Robert Sarver and Donald Sterling are both despicable people, each credibly accused of uniquely reprehensible actions that spanned years and sometimes decades. Only Sterling, former owner of the Los Angeles Clippers, was truly reprimanded permanently. Sarver, the still-owner of the Phoenix Suns, got the equivalent of a parking ticket and a timeout. Both admit no wrongdoing, lost essentially no money, and the NBA seems just fine with that.
How the sports world handles workplace misconduct is broken. The abominable behavior of owners, coaches and players alike is not discouraged, but protected by systems designed to mitigate the adverse public relations impact of their actions coming to light, rather than proportionally address the human trauma they have already caused.
After the 2014 scandal involving Sterling, in which a video of him telling his then-girlfriend that it bothered him “that you’re associating with black people” came to public media attention, Sterling was banned from the NBA for life, fined $2.5 million and eventually forced to sell the Clippers for $2 billion. Sterling had a history of racist behavior, both with the Clippers and with his outside business. That the league had not addressed his behavior, which had been evident for years in a variety of discrimination lawsuits from both in and out of basketball, is emblematic of former and current commissioners David Stern and Adam Silver’s reactive approach to discipline, rather than proactively attacking the bastions of racism that thrive in an over 70% Black league.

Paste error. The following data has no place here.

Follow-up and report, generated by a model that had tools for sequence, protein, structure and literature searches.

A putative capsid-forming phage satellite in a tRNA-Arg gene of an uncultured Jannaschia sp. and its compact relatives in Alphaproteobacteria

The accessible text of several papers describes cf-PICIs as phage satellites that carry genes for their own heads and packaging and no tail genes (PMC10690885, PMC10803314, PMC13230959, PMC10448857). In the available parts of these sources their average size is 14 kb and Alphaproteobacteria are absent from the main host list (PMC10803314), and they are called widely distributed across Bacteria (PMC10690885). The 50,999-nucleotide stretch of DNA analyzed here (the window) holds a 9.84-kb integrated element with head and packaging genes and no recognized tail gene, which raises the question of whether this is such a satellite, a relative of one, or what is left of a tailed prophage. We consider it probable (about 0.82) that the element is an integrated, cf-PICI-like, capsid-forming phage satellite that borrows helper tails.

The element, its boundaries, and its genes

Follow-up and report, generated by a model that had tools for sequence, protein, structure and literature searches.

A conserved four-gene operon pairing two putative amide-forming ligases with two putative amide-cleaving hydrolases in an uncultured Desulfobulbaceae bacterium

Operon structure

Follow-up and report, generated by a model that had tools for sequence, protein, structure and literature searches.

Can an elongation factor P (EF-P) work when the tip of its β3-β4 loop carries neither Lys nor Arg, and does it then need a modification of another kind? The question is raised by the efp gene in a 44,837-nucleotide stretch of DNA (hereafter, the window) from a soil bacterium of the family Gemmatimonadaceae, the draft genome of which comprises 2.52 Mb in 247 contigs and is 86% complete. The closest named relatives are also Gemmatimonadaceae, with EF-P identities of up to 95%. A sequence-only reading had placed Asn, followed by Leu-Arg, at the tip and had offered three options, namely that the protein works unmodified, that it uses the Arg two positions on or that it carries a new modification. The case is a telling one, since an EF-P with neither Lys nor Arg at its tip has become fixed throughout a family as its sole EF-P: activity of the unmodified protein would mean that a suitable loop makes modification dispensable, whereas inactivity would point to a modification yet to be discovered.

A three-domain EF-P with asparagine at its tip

For his part, Sarver was found to have repeatedly used the N-word around Black employees, colleagues and players, a history of racist, sexist, and toxic treatment of all those unlucky enough to work for him. Sterling’s punishment did not fix the decades of pain he caused, but it at the very least removed him from professional sports.
The NBA’s investigation finished this past week, and when Sarver was sanctioned $10 million (about 1.17% of his $850 million net worth), allowed to keep his team and suspended a mere one year, all with a claim that the league did not “have the right” to force a sale of the Suns, something they did eight years ago, it elicited not the feeling of painful relief when Sterling was finally removed from basketball, but rather one of genuine insult.
For one, the fine and suspension are laughable and equate to telling Sarver to take a long vacation and making him pay for the plane tickets to Bermuda. The NBA was clear that this was the maximum allowable dollar amount and length, which is less of an explanation than it is an underlining of the league’s own structural backwardness.
The league’s constitution, which sets the rules that allegedly prevent Silver from taking any real action to punish Sarver and discourage such behavior from others, is written and approved by the owners themselves, which is a bit like letting a kindergarten class decide what their rules are and what the punishments for breaking them should be.
Where is the oversight? Workplace discrimination and toxicity are far from the only issues that stem from the zero accountability model that American professional sports have gradually adopted. And as the popularity and value of the NBA balloons, someone has to watch out for the common sense in all of this. Otherwise, dregs like Sarver and Sterling will lurk in the upper echelon of the most valuable entertainment product in history.